Saturday, August 05, 2006

UN approves draft for Lebanon ceasefire

After a great deal of back and forth diplospeak, chiefly between France, representing the EU and the US, a draft of a UN resolution calling for a ceasefire in Lebanon is ready to be voted on next week. This represents a compromise, but one mostly on the USA and Israel's terms. The US originally wasn't interested in a ceasefire at all without a long term settlement that included disarming Hezbollah and France, Russia's Putin and the EU wanted an unconditional ceasefire..a good indication of how badly Hezbollah has been hurt.

Implementing it,of course will be a very different story.

The draft language calls for a truce, asks the current United Nations UNFIL peacekeeping force to monitor the border area.

Hmmm.... wasn't that what they were supposed to be doing all this time? Musta missed something.

The text called for “immediate cessation of all attacks by Hezbollah,” and of "offensive military operations" by Israel.

Aside from general language in the preamble that which "emphasizes" the need to release unconditionally the abducted Israeli soldiers and language that "encourages the efforts aimed at settling the issue of the Lebanese prisoners detained in Israel." it doesn't include anything specific about a prisoner exchange or require Israel to immediately withdraw its troops from Lebanon, something the Israelis no doubt insisted on to keep Hezbollah from simply returning to its positions after their rocket arsenal and heavy arms are replenished by Iran.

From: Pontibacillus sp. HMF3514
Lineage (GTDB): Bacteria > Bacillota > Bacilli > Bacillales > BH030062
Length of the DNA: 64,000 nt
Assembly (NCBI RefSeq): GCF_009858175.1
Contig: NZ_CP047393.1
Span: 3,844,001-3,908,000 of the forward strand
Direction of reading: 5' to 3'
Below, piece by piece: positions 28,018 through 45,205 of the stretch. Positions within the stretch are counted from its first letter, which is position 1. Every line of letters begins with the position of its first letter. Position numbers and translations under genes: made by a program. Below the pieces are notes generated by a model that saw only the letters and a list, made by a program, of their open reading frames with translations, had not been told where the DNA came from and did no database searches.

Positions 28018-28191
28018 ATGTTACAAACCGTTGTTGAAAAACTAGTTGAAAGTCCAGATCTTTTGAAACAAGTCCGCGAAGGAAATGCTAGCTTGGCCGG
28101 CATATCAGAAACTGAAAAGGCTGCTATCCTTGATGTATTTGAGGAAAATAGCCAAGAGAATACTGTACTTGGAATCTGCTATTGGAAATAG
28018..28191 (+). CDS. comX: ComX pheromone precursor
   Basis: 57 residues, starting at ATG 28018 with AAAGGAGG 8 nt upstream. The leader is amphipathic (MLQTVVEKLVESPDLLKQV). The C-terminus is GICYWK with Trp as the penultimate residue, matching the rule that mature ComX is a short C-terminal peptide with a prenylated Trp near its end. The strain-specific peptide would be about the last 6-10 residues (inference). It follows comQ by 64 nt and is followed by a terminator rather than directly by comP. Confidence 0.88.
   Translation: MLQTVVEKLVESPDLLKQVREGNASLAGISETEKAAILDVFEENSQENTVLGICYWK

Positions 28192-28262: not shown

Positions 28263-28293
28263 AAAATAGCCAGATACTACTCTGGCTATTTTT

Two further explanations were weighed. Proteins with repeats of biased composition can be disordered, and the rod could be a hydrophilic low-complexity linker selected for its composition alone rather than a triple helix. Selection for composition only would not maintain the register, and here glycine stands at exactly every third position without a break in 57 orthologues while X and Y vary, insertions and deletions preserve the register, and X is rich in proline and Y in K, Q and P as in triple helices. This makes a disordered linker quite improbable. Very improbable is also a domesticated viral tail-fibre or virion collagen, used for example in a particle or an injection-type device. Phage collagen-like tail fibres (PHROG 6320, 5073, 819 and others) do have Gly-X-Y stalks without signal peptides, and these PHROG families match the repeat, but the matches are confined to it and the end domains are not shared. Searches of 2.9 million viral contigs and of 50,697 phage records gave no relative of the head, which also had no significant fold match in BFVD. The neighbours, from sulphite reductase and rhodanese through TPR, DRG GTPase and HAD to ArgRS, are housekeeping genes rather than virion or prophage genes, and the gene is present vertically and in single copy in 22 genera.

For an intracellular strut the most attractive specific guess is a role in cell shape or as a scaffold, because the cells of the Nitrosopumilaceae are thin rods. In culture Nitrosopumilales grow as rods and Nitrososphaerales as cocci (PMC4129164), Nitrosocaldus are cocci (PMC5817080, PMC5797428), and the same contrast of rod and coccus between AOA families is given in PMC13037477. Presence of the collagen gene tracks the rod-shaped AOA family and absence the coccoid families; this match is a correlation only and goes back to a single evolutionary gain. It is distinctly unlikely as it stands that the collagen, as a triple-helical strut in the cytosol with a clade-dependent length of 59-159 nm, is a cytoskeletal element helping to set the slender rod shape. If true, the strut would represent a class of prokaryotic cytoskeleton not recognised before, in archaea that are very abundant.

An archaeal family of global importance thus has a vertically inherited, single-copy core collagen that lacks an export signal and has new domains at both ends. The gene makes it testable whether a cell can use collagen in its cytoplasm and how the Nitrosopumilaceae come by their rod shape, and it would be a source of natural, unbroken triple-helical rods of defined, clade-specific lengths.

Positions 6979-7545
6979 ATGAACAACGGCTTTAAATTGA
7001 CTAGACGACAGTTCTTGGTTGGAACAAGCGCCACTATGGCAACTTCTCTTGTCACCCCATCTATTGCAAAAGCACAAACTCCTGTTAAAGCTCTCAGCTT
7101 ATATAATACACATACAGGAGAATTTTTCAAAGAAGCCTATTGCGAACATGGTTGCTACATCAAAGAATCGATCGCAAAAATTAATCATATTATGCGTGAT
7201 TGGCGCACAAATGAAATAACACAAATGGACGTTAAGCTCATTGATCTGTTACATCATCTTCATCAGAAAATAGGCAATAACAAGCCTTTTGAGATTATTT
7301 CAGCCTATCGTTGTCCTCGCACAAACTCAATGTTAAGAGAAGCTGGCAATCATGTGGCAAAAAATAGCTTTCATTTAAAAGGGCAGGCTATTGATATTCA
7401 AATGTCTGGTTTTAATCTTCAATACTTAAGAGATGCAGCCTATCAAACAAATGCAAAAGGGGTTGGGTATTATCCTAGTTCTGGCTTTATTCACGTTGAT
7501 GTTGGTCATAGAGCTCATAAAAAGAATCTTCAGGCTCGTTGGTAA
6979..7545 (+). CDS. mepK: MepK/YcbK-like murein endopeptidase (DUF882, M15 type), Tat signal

Lebanon was not happy about this at all, though you would think they would be desperate to end the war...but I guess pleasing Hezbollah comes first.

Nouhad Mahmoud, a Lebanese Foreign Ministry official appearing before the Council, said, "It (the resolution) lacks a call for the withdrawal of Israeli forces who are now in Lebanon, and that’s a recipe for more confrontation."

He's probably right. Hebollah has already said they will not honor a ceasefire as long as Israeli troops are in Lebanon..which is why the language about 'offensive military operations' is important. If Hezbollah attacks Israeli forces or Israeli civilians, the IDF can then take defensive measures...including defensive attacks on Hezbolah positions.

The draft resolution sets up a second resolution and asks Israel and Lebanon to agree in the future to a set of principles on long-term peace, including an arms embargo on arms shipments to Lebanon, the disarmament of Hezbollah, and the creation of a buffer zone up to the Litani River.

For passage, a resolution needs the support of at least 9 of the Council’s 15 members and can not be vetoed by any of the five permanent members: Britain, China, France, Russia and the United States.

Essentially, this sets up a two stage process; If this passes, French and other troops will depart for Lebanon to beef up UNFIL and attempt to enfoirce the ceasefire.

After Israel and Lebanon agree to the principles mentioned in the draft language, the Security Council in a second resolution will authorize a new `stabilization' force for Lebanon to help the Lebanese government take control of things and continue to monitor the ceasefire.

This is one risky enterprise.

Among those risks, aside from the fact that a second resolution might not be adopted is that Hezbollah could use any ceasefire to resupply...I think that we can pretty safely assume that Iran won't obey the arms embargo part of things. That could prompt the Israelis to bomb or seize supply routes, provoking counterstrikes by Hezbollah and putting everything back to where it is today.

But at least the UN can say it actually tried to do something to earn its keep for a change.

No comments: